Leonard Burton

He/Him/His

Leonard Burton is the President of the Center for the Study of Social Policy (CSSP). In this role, he brings more than three decades of leading anti-racist, intersectional social justice work including executive leadership in public social service systems, philanthropy, community change, faith-based programs, and youth development. Previously, Mr. Burton was a Senior Fellow at CSSP, working on the Systems Change and Public Policy teams and focusing on promoting healthy development and well-being for young people involved in intervening public systems. Mr. Burton is also a co-developer of the upEND Movement which focuses on abolishing family policing and reimagining and creating better means of care for children and families.

Mr. Burton serves on the Boards of Building Bridges Initiative, as well as leading research organization WestED. He is also a national advisor and consultant to the National Child Traumatic Stress Network at Northwestern University supporting youth engagement and anti-racist practices in the context of child welfare and juvenile justice. Mr. Burton served as faculty coach on the Breakthrough Series Collaboratives for Transition Age Youth and Father’s and Paternal Relatives in Child Welfare.

Mr. Burton attended Langston University, holds a Bachelors’ degree in Public Administration from Austin Peay State University, and a Masters’ Degree in Education-Administration and Supervision from Tennessee State University. He is a proud native of Detroit, Michigan, and currently resides in Huntsville, Alabama with his spouse Cheryl; they have two adult children and a teenage grandson. Mr. Burton is a member of Kappa Alpha Psi Fraternity Inc., and a combat veteran of the US Army.

#CARES4Power

Follow us on Instagram to learn more about our work, the CARES Ambassadors, and the policies we are building to advance change for all transition age youth.

Happy Friday! We're back with our "Key Equity Term" Series; today's Key Equity Term is ✨Discrimination✨. This series aims to expand the reach and use of many terms that appear in our work, lives, and communities. 

Discrimination fact: According to the American Bar Association, "Racial discrimination in U.S. child welfare is a human rights issue. On August 30, 2022, the UN Committee on the Elimination of Racial Discrimination (CERD), a group of international experts charged with monitoring state compliance with human rights obligations on racial discrimination, expressed concern at the 'disproportionate number of children of racial and ethnic minorities removed from their families and placed in foster care' in the U.S. Stay tuned for new terms in the coming weeks, and if you have additions — let us know!
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#Discrimination #classisinsession #KeyEquityTerms #CARES #CARESAmbassadors #KeyTerms #Wordoftheday #WOTD
Check out CARES #NewYork Ambassador Kayonda talking about what policy issue she feels has been neglected and should be an immediate concern. See what the CARES Policy Agenda is about by visiting CARES4Power.org or the LinkTree in our bio. This policy agenda reimagines how policy supports young people.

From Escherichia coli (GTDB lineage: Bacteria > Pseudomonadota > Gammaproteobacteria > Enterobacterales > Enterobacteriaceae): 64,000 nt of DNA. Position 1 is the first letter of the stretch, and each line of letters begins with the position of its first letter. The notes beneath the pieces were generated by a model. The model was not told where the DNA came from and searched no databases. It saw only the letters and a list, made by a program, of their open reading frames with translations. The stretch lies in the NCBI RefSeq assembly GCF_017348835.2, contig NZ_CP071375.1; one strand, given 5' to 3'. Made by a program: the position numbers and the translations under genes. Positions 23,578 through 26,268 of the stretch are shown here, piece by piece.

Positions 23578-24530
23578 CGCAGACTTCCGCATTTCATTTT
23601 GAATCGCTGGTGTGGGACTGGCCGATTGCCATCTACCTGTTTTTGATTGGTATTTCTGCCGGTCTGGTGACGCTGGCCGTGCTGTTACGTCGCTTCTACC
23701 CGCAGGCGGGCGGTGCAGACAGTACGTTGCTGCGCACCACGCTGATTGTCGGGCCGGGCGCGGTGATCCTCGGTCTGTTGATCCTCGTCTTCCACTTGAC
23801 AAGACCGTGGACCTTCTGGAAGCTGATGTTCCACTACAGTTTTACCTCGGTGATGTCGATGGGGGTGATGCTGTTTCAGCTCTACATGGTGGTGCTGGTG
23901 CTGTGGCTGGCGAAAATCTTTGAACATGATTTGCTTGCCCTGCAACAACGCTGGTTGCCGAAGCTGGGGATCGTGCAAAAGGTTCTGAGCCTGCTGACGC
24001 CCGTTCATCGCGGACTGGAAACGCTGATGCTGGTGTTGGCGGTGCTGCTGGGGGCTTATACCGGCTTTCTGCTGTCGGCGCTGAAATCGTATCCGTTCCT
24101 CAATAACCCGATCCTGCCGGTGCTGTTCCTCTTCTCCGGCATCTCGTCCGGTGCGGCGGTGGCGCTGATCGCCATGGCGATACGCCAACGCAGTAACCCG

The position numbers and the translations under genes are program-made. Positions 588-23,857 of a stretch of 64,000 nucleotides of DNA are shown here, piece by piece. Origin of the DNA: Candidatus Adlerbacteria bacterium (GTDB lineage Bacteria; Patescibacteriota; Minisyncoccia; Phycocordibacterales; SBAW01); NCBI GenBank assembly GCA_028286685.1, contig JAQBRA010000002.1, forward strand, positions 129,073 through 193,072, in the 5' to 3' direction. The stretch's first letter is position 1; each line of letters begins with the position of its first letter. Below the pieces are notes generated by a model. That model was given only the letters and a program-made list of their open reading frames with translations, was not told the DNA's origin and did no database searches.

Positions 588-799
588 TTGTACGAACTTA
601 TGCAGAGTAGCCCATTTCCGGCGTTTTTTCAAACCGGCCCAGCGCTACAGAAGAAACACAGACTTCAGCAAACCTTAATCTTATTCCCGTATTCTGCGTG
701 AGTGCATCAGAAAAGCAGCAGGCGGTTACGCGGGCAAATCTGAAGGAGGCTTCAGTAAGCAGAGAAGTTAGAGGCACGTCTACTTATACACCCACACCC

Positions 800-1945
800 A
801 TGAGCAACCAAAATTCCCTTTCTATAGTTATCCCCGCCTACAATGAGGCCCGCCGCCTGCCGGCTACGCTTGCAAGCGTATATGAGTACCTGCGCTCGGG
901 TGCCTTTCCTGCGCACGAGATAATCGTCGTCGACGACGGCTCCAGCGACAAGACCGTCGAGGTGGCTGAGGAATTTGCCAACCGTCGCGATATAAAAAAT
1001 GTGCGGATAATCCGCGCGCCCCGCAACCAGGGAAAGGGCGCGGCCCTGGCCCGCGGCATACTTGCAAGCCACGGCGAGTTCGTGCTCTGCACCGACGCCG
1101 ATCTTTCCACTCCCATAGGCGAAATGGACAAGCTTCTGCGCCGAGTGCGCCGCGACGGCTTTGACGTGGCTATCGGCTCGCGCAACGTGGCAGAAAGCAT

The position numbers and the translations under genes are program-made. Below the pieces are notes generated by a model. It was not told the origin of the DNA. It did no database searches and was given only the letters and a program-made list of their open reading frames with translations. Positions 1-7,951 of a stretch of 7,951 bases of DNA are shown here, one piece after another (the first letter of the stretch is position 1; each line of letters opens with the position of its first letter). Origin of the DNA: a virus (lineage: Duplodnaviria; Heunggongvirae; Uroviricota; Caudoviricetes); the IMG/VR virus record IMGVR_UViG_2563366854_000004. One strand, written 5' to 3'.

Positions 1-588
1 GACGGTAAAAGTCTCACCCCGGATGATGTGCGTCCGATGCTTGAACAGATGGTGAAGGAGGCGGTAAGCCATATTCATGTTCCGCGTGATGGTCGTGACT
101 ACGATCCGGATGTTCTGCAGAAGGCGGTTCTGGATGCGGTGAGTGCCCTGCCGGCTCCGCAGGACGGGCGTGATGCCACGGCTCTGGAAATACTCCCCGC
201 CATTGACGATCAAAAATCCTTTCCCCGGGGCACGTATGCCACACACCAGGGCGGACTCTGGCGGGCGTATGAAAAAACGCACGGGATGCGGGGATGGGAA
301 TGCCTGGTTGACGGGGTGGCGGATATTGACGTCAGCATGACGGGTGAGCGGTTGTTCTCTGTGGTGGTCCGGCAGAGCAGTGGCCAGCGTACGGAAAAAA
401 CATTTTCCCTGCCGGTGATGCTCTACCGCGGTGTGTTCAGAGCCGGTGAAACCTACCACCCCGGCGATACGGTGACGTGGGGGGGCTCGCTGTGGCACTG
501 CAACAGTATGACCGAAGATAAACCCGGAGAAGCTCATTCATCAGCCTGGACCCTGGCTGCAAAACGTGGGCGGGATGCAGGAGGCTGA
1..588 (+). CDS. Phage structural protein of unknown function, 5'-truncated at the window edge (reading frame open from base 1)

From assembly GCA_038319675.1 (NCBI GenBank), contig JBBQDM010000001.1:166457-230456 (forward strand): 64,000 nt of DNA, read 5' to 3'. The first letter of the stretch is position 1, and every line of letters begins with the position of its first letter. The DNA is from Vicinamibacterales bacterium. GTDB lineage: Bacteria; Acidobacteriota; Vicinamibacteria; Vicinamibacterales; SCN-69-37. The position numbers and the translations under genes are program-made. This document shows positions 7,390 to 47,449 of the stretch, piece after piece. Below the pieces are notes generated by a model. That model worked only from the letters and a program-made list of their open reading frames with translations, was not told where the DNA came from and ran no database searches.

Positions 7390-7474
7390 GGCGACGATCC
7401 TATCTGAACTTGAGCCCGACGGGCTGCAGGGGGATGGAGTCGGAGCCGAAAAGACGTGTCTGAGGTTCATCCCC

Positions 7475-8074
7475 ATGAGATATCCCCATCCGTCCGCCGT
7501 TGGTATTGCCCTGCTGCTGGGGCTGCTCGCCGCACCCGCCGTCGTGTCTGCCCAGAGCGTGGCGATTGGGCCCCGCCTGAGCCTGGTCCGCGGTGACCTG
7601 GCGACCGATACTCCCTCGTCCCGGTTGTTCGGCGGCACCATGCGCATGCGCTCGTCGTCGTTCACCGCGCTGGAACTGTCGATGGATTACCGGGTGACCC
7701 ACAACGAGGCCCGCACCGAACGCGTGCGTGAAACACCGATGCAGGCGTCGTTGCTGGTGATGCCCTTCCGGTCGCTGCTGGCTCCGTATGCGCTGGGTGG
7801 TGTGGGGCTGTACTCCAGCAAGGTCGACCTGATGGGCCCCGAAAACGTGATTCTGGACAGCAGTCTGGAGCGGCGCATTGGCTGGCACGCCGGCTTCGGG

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 #CARES #fostercare #CARESNationalPolicyAgenda #EconomicSecurity #YoungAdults #nationalfostercareawarenessmonth #nationalfostercaremonth #Mayisfostercareawarenessmonth #MayFosterCareAwarenessMonth #FosterCareAwarenessMonth
Check out CARES #Atlanta Ambassador Aisha speaking about what she envisions for the future of the country. See what the CARES Policy Agenda is all about by visiting CARES4Power.org or the LinkTree in our bio. We, as a society, owe young adults the support they need to find their way and flourish. 
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#CARES #fostercare #CARESNationalPolicyAgenda #EconomicSecurity #YoungAdults
#Mayisfostercareawarenessmonth #MayFosterCareAwarenessMonth #FosterCareAwarenessMonth
#nationalfostercareawarenessmonth #nationalfostercaremonth
We know that children and youth do best when they are able to remain in their homes and communities. And when families do become known to the child welfare system, it is the system’s responsibility to partner with families in ways that promote autonomy and provide supports and resources that keep families together. ⁣
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For LGBTQ+ youth and their families, this requires having a system, including staff, that engage youth and families with dignity and are affirming and responsive to their needs, as well as partnerships with a broader network of community-based supports that can meet families’ needs.⁣
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Check out our full statement on how Systems, policies, and communities play an important role in affirming LGBTQ+ young people in the foster care system on our blog.  🔗 in bio.
Young people want to be seen for their whole selves and deserve to feel encouraged, affirmed, and supported as they make their way in the world. 
 
Join us TODAY from 2:30-3:45 PM ET for a panel discussion hosted by @chcidc to talk about opportunities to support and affirm #LGBTQ young people in foster care, featuring LA Ambassador @danie.rose_ 
 
Learn more and register at https://bit.ly/3VcAbA07m